The slow growth of cloud computing and data centers worries US chipmakers

By TechThop Team

Posted on: 17 Aug, 2022

As consumers signed up for cloud-based entertainment and companies retooled their offices, the chip sector's strongest sector may be its next problem: Growth in the cloud and data centers is slowing.

The cloud market has rarely had to weather a prolonged economic downturn as businesses adopted the technology, making it harder to predict whether it will be recession-proof or hit by a recession.

The recession and 40-year inflation have sent advertisers' purse strings tightening, say big tech companies.“Datacenter cuts might be driven by an advertising drought hurting companies like Facebook and Snapchat,' Bernstein analyst Stacy Rasgon told CNBC.

Alphabet's Google Cloud revenue growth rate has fallen over eight percentage points, Microsoft's Azure has declined over six percentage points, and's AWS has declined over three percentage points.

The cloud market is still growing, according to Nathaniel Harmon, research director at YipitData, but he noted there are pockets of weakness in regions such as Europe.

As part of their efforts to save money during the pandemic, the three companies have said they will keep data center equipment for longer, in some cases up to six years, from three years.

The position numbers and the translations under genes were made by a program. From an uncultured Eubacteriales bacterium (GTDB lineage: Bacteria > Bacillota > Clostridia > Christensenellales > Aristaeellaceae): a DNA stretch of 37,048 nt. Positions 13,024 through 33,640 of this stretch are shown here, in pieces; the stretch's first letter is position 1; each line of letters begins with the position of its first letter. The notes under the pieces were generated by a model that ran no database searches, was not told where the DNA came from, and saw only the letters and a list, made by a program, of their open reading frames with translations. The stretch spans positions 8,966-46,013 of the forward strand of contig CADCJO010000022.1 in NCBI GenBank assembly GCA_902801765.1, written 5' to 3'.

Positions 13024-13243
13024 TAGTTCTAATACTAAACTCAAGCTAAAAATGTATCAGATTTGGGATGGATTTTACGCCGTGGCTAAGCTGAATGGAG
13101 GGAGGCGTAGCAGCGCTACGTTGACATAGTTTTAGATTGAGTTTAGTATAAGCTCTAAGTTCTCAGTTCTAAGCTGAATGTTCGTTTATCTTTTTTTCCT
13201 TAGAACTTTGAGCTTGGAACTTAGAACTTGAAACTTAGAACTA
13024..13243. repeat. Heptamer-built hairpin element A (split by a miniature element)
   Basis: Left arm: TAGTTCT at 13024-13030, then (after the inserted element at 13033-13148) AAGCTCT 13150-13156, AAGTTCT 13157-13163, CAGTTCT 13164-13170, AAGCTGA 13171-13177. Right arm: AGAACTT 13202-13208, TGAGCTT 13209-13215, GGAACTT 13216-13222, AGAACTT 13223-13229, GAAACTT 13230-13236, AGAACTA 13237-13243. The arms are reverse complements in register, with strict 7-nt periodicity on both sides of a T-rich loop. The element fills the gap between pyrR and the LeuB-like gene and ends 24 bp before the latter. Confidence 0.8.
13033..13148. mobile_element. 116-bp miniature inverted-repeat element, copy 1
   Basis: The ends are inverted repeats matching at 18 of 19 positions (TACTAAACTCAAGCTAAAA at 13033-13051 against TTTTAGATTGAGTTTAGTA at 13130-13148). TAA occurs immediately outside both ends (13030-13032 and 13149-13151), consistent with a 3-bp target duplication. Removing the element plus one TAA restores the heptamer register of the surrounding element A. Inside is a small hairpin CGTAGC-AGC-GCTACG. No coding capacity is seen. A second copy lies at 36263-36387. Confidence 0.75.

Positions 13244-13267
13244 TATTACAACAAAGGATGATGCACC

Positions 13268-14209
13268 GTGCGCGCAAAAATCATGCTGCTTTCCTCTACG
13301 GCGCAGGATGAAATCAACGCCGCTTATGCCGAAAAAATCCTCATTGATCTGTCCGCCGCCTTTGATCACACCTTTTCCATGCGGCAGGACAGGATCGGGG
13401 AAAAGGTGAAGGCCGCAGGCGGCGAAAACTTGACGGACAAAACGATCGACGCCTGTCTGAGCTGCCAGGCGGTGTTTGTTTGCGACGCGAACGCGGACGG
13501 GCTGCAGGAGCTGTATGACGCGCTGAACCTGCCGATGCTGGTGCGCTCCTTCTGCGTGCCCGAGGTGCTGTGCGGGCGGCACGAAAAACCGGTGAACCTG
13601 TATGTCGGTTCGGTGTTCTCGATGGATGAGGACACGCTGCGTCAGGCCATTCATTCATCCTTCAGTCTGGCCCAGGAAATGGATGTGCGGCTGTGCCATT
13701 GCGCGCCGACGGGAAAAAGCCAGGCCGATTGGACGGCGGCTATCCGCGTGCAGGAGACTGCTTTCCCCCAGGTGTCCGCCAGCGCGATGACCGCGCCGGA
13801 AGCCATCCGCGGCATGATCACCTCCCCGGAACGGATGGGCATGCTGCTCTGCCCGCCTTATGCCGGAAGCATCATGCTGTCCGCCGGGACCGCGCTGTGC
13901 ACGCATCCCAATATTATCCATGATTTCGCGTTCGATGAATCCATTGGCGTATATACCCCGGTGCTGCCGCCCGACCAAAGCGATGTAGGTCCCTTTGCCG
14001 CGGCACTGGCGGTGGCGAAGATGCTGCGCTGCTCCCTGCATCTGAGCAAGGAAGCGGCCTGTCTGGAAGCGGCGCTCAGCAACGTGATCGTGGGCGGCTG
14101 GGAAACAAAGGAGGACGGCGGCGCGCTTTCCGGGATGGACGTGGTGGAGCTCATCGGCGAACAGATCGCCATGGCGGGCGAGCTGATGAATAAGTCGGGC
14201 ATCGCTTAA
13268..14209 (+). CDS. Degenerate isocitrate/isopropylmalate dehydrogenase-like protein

“As they are likely to cut back on their expenditures for data center capacity, that will lead to fewer chips from Intel and AMD being bought,” said Glenn O'Donnell, a Senior Research Director at Forrester Research.

A 16 percent drop in Intel's data center and AI group business left Wall Street disappointed by nearly $2 billion. A Micron Technology warning last week said the trouble was not just in PCs and smartphones, but also in the cloud.

Slower growth of the cloud market isn't the only problem, Micron's chief business officer Sumit Sadana told Reuters. The problem was caused by a shortage of some chips, preventing servers from being built, which led to a pile-up of other chips.

The servers supply chain is at record highs, but key parts remain missing, according to Supplyframe's Richard Barnett. The server needs 500 components, of which 10 to 20 are unavailable.

The tech sector is affected. We hear from clients that they aren't turning off the faucet, but they are closing it a bit. Dell and Hewlett Packard Enterprise are also going to see some of that reflected in earnings.'

As executives and analysts debate the impact of the slowdown in cloud growth, Super Micro Computer Inc., which makes custom servers for new technology, says self-driving cars and the metaverse are still driving demand.

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